There are real structural differences between the EU and other large federated entities. The core differences, as CC pointed out, is that the EU is both not a transfer union and has no central fiscal policy. The architects of the Maastrict treaty were in adamant that the EU was not to become a transfer union; and there is a clause in the treaty that prohibits transfers that was added at the behest of Germany and others. The treaty would have to be re-ratified if this was changed.

    Canada and the US have both of these elements that the EU lacks. The US does not have explicit transfer payments like we do, but the federal government’s unified taxing and spending power accomplishes much of the same thing. (The military alone functions as a giant welfare and equalization scheme.)

  14. I certainly sympathize with the investor who has a poor asset allocation, and it’s times like these that really begin to put your portfolio to the test. I think your example with RESPs really highlights how serious market swings can affect a family’s real-life objectives.

    From a personal standpoint, I’m staying the course and looking for bargains along the way. I’d be lying to suggest that I know where the next bottom will be.

    NIce post.

  15. @Viscount. My point is that you don’t necessarily have to destroy the Euro to fix this problem. They may be able to “tweak” the system to make it work better.

    The talking heads who comment on this speak in extreme “black and white” terms. If it doesn’t work, destroy it completely and start from scratch.

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  19. Everything is so interrelated now that it is hard to pinpoint an impact in Europe let alone anywhere else in the world. The common thread that runs through everything is currency, the lifeblood and that would mean the US$. Start there and then reason your way through the possibilities. Below is a quick and dirty mind-map off the top of my head.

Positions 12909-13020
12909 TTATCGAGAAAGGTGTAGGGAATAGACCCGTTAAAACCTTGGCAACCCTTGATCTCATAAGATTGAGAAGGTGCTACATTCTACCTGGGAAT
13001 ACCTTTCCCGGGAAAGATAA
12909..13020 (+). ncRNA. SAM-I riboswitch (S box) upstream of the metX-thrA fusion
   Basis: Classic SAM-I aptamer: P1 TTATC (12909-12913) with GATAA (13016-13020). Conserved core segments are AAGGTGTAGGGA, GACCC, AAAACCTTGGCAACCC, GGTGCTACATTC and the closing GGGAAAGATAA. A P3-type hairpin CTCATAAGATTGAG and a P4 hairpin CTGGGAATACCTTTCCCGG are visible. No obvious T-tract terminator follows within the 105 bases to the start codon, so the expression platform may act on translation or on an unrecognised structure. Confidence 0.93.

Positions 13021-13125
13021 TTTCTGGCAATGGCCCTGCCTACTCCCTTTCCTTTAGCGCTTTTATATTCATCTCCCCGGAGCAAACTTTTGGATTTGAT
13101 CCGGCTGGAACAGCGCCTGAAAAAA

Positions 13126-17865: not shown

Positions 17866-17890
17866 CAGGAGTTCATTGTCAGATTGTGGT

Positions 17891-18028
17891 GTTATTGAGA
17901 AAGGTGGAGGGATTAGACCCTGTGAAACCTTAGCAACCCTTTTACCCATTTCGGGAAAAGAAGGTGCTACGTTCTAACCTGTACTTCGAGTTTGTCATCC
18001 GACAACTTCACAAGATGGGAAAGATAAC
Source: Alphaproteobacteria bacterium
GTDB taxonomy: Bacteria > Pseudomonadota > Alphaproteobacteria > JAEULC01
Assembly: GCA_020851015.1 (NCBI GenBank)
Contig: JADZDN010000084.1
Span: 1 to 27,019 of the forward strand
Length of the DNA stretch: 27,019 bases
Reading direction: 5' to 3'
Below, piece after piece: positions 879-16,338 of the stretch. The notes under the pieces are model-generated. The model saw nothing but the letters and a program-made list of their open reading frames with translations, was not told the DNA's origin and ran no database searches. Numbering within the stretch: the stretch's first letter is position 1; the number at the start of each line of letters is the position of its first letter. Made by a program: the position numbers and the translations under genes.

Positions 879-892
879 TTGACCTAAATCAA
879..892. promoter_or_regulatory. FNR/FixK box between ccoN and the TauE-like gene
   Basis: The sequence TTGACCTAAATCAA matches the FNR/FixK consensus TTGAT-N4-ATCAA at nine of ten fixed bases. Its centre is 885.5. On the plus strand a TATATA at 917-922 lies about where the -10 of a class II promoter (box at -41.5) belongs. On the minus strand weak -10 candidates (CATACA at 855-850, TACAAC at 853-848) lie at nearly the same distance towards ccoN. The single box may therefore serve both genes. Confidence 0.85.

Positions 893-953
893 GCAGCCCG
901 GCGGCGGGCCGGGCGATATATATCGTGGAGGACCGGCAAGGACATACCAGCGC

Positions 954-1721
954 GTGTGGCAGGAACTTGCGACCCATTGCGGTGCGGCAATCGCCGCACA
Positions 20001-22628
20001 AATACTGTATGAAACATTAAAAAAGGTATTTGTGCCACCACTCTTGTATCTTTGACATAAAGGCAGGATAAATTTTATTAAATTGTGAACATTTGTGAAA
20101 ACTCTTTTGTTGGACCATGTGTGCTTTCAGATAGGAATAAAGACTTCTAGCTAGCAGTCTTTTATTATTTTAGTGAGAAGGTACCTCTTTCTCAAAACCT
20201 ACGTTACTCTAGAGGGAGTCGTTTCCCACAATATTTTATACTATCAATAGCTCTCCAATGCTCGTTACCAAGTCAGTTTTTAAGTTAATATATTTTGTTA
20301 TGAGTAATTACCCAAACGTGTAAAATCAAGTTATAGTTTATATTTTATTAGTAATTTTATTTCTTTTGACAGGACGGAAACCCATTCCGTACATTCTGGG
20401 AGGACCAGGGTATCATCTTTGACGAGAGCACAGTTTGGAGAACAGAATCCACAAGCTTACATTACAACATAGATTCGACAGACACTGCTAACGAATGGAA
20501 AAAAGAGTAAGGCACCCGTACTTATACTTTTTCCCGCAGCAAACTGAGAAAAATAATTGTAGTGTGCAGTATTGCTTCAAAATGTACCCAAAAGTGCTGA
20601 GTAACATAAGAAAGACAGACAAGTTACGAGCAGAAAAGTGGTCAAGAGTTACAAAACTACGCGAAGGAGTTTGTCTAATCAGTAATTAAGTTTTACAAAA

Rising US$ when (crisis Europe, currency controls, another credit crisis, QE stops, US makes tangible budget reductions, terrorist attack, trade barriers rise, Fed jacks up rates) = Gold falls = Oil falls = US exports fall = US profits fall = US stocks fall = US stocks more expensive) = inflation falls = GDP falls.

    Therefore strategy = Short US stocks = short Oil = take US$ hedges off = average down high quality stocks in a sell-off.

    Taking the other side:

    Falling US$ when (US govt impotence, China revalues yuan, Fed starts the printing presses again, zero interest rate policy for x years) = Gold rises = Commodities rise = US stocks on sale (especially one’s with global exposure) = US exports rise = US profits rise = inflation rises.

    Therefore strategy = buy US stocks with global prescence (i.e blue chip, low debt, high cash), hedge US$ positions, buy oil/gold,

    Surrounding either of these paths are investor sentiments (VIX, retail investor fund flows, inside selling), which drive your entry/exit points. Last week was perfect example of how if disciplined and armed with a mind-map (not necessarily like my blurb above), one could exploit the fear that was oozing out of the market.



  20. @ Phil S: Gwynn Morgan wrote an article in the Globe today about the euro zone. He reckons that the union is doomed to failure because there is a lack of a strong central governing body (individual nations retain nearly autonomous control over fiscal policy within their own borders). He compares the situation to a 17 member family opening up a joint bank account – the free spending siblings will drag the others to financial ruin. Gwyn is a bit right wing (my opinion, from having his articles over the years), so must sometimes taken with a grain of salt to moderate to the
    middle ground, but the argument rings true to me.

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  23. The ECB may have to lower rates this Thursday, this should help bonds and my cause the $ CDN to fall due to fear of weak commodity prices?